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Coyotes look to plant another seed of doubt in Kings

Phoenix Coyotes goalie Mike Smith pauses during a break in play against the Los Angeles Kings during the third period of Game 4 of their NHL Western Conference final playoff hockey game in Los Angeles, California, May 20, 2012. REUTERS/Lucy Nicholson

Lucy Nicholson/Reuters

"We don't want to look too much at the big picture," Phoenix Coyotes centre Antoine Vermette was saying – and that's probably wise. The big picture is still too daunting from a Coyotes perspective. They are down 3-1 to the Los Angeles Kings in the NHL's Western Conference final and still require a historic rally to overcome that deep deficit and actually advance to the Stanley Cup final.

About the best thing you can say about the Coyotes' chances is that there is still a chance. Had they come up flat one more time – during Sunday's 2-0 victory in the fourth game of the series – they would have been busy preparing for the off-season and parrying questions about their future in the desert (nothing new on the Greg Jamison sale).

Instead, they will play Game 5 Tuesday night, at home, in front of another sold-out crowd. Apart from the value of adding one more home gate to mitigate the tens of millions in losses absorbed this season, it gives them a chance to plant a little seed of doubt in the Kings' minds.

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Much was made of Los Angeles's so-so performance in Sunday's loss, but the Kings really weren't that bad. They held a 36-21 edge in shots, had the better scoring chances overall, and but for a goalpost here and a good save by Mike Smith there, it could have been a different story.

The Coyotes' formula for success, as outlined by veteran Ray Whitney, is not that complicated: Timely scoring, a dozen blocked shots, plus exceptional goaltending. Not all that difficult to dissect or explain. It wasn't so much what L.A. did or didn't do in Game 4. It's just that Phoenix was much improved over the skittish, out-of-sync team which showed up for the first three games of the series, and was threatening to get steamrolled right into next year.

"When you have nothing to lose, you throw it all out there and you just see what happens," said Whitney, who figured his team wasn't as nervous with the puck last game. "We thought less. They play at such a fast tempo and such a physical game that when you start thinking about it, you kind of slow down."

Kings defenceman Drew Doughty suggested that his team's biggest mistake was "we gave them hope last night. We let them back into the series.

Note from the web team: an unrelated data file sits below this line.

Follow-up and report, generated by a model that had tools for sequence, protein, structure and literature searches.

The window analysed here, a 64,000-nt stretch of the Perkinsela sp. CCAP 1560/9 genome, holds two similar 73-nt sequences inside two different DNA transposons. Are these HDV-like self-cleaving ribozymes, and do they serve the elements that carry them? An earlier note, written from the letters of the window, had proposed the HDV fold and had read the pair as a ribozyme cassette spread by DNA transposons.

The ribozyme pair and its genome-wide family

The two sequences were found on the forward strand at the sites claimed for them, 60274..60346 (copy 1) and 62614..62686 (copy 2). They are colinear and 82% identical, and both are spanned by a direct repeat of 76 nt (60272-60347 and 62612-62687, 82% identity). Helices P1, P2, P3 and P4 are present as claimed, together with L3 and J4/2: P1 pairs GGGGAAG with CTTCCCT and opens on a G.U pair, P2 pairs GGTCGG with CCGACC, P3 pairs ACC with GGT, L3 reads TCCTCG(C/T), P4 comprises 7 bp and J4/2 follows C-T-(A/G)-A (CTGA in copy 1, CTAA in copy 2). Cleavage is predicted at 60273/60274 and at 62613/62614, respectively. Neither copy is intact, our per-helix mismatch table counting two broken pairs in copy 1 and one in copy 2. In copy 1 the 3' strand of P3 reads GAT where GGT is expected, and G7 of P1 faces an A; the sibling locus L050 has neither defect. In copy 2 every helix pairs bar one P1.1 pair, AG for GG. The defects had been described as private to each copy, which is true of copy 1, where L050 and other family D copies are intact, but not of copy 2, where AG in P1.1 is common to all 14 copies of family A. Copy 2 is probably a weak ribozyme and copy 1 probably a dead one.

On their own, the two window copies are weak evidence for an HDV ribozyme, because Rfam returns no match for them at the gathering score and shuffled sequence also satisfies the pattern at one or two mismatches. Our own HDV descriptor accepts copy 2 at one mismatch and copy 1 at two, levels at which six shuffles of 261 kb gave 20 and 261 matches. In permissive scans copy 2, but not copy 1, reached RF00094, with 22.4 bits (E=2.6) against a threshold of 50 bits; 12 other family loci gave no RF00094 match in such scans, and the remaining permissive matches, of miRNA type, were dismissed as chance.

"The last couple of games, we really slacked off. We haven't played our best hockey as a team. Going into the next one in their barn, we have to be at our best – or things are going to change on the series."

The Kings held an optional practice Monday in El Segundo, Calif., before flying to Glendale, Ariz., in the afternoon. On Tuesday, they'll put their perfect 7-0 playoff road record on the line in the hopes of advancing to the Stanley Cup final for the first time in 19 years.

According to Kings coach Darryl Sutter, it doesn't much matter where they're playing, the task at hand is pretty straightforward: "Try and win the next game. Could be in Tucson or Toledo or in Los Angeles. To me, it has no bearing on anything. It's always now, today, tomorrow, not last week or next week."

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Sutter tends to bristle when people bring up the past, which is happening more and more often these days with the Kings poised to advance to the final and the New York Rangers lining up as a possible opponent, a match made in corporate heaven. Sutter and the Rangers' John Tortorella coached against each other in a memorable 2004 Stanley Cup final that went the distance with their former teams, the Calgary Flames and the Tampa Bay Lightning respectively.

Reminiscing isn't in the Sutter DNA, it would seem.

"The best part of being in the playoffs is it's always about your next game, not something that happened 30 years ago or two days ago, right?" Sutter said.

But seconds later, Sutter was talking about his years in Chicago, to make a point about team structure – and how that is the common trait among the four teams left standing in this year's playoffs.

"If you understand the game, the X's and O's, you understand leads are better because of structure," Sutter explained. "Teams play disciplined. It's a lot easier to play with a lead because you can play as a team always.

"What was Michael Jordan's famous line? 'Structure gets me to the fourth quarter and then I take over.' "

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About the Author

Eric was the winner of the Hockey Hall Of Fame's Elmer Ferguson award for "distinguished contributions to hockey writing" in 2001. A graduate of the University of Western Ontario's grad school of journalism, he began covering hockey in 1978 and after spending 20 years covering the NHL and the Calgary Flames, joined The Globe in 2000. More

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